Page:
Dealing With Drug Shortages

Dealing with drug shortages in some capacity has become an everyday occurrence in many pharmacies. In fact, the number of new drug shortages per year grew until 2011. It’s trended downward since then, likely due to federal initiatives intended to mitigate this crisis. Drug shortages are a burden for the healthcare system and for patients. They are time-consuming, can increase healthcare costs, and also increase the risk for medication errors. Sometimes patients can’t get needed therapies when certain drugs are in shortage. It has become increasingly important for pharmacists and pharmacy technicians to have tools, or efficient strategies, for dealing with drug shortages.

Dealing With Drug Shortages

Robin Hatch comes in with this Rx for Thyrolar-1 one tablet orally every day. She’s been getting this Rx for years. As it happens, you do not have Thyrolar-1 or an equivalent in stock. The last time you tried to order it, it was unavailable from the wholesaler.

What is a drug shortage?

The Food and Drug Administration (FDA) defines a drug shortage as a time when the total available supply of all versions of an approved product doesn’t meet the current demand, and a registered alternative manufacturer is not able to meet the current and/or projected demands for the potentially medically necessary use. To pharmacies, it simply means that despite ordering adequate amounts of a drug, you can’t get enough to fill all the prescriptions or orders you get.

Why do drug shortages happen?

Drug shortages can happen for a variety of reasons, including recall of drug products because of contamination, manufacturing issues (e.g., questionable quality control), drug discontinuations, unavailability of raw materials needed to produce a drug, and ripple effects from shortages of other similar products. Drug shortages have even been caused by natural disasters, when a drug manufacturing plant has been damaged and cannot produce its usual supply. In 2015, manufacturing issues were the largest known cause of drug shortages, accounting for almost 25%. In 2017, hurricanes that impacted Puerto Rico lead to shortages of many meds, including some IV bags. (Note that about 10% of the meds prescribed in the U.S. are manufactured in Puerto Rico.)

An example of a drug shortage caused by a recall was the shortage of docusate oral liquid in the U.S., in 2016. This product was contaminated with bacteria, and outbreaks of infection were identified in a number of U.S. states.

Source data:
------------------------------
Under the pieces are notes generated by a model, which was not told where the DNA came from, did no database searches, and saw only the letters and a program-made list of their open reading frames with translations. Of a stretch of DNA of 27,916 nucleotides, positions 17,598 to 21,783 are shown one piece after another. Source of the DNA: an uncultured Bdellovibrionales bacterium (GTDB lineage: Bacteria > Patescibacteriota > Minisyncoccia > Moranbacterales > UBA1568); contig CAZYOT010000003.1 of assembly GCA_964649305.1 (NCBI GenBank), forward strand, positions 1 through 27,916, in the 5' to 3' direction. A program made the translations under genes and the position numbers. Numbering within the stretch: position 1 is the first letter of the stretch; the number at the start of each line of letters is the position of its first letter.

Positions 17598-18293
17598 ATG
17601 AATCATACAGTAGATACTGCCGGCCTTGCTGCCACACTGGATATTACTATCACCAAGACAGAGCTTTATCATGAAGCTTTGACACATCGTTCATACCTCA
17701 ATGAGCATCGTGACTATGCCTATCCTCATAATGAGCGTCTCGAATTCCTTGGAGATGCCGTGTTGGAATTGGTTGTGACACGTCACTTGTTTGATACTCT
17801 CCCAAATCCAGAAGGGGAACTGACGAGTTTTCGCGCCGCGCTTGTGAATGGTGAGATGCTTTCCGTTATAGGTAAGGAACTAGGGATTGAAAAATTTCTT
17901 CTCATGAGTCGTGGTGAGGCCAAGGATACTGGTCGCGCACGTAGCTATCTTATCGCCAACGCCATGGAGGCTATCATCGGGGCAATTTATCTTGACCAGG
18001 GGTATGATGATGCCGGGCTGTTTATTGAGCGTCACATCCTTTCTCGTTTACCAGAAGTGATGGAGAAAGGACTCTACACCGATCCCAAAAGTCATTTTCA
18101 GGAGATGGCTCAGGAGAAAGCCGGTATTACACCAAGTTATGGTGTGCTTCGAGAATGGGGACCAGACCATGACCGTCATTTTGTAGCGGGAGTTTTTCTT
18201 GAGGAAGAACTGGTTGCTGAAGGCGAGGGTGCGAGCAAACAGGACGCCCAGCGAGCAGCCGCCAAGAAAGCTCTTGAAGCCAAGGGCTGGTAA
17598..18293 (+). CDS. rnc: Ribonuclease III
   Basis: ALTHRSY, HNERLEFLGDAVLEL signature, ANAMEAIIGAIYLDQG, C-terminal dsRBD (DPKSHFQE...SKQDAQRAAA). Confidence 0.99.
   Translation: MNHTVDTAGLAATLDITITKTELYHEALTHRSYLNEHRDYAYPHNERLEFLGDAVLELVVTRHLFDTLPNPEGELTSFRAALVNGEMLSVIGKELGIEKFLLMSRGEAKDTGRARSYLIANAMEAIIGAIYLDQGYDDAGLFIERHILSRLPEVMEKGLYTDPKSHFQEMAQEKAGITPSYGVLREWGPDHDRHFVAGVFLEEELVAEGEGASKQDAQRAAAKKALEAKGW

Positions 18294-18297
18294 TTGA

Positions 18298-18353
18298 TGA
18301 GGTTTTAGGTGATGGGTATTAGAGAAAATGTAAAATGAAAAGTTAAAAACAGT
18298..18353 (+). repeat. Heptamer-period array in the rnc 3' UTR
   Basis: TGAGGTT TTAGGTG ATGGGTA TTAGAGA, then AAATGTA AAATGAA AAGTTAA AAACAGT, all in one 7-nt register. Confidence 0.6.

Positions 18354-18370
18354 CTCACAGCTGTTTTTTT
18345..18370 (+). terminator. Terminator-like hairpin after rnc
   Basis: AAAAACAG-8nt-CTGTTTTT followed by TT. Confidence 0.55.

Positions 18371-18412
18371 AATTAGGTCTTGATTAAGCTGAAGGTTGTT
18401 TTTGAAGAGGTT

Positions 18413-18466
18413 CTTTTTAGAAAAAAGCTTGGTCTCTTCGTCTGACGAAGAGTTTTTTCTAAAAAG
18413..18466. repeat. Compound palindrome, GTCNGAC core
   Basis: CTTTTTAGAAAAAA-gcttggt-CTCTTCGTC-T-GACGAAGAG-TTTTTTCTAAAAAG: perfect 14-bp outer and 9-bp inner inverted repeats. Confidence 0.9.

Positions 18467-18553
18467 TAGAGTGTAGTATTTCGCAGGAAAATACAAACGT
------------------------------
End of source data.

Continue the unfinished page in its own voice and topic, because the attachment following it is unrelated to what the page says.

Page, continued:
An example of a drug shortage caused by discontinuation was the shortage of tromethamine solution in the U.S., which also occurred in 2016. This injectable med is used to treat patients in the hospital setting whose blood becomes too acidic due to problems such as after cardiac arrest. Fortunately, the preferred treatment for this condition is actually injectable sodium bicarbonate. However, an advantage of tromethamine was that it’s sodium-free, which could be good in patients with high sodium levels. And unfortunately, injectable sodium bicarbonate has also been in shortage from time to time.

Examples of drug shortages caused by a ripple effect are the recent shortages of a number of IV antibiotics. When an antibiotic such as ceftazidime is in shortage, other antibiotics that can treat the same types of infections (e.g., cefepime, cefotaxime) will be used to take up the slack, and hospitals may order larger quantities than usual. This can lead to “secondary shortages.”

What are some more examples of drugs that are currently in short supply?

In the U.S., there’s a lot of focus on shortages of hospital drugs. These have consistently included drugs like injectable epinephrine, which is used for resuscitation of patients in code situations or cardiac arrest; propofol, which is used to sedate patients when they’re in surgery or intubated in critical care; and injectable furosemide, which is used to help patients get rid of fluid build-up in the body so that their hearts and lungs can work normally. There have also been shortages of some chemotherapy drugs, such as cytarabine and doxorubicin, which have caused treatment delays for some patients. Shortages of electrolyte solutions such as calcium salts have been troublesome for compounding parenteral nutrition. Even IV fluids such as normal saline have been in shortage at times. All of these shortages are serious, and could result in less than optimal patient care or in some cases, patient harm.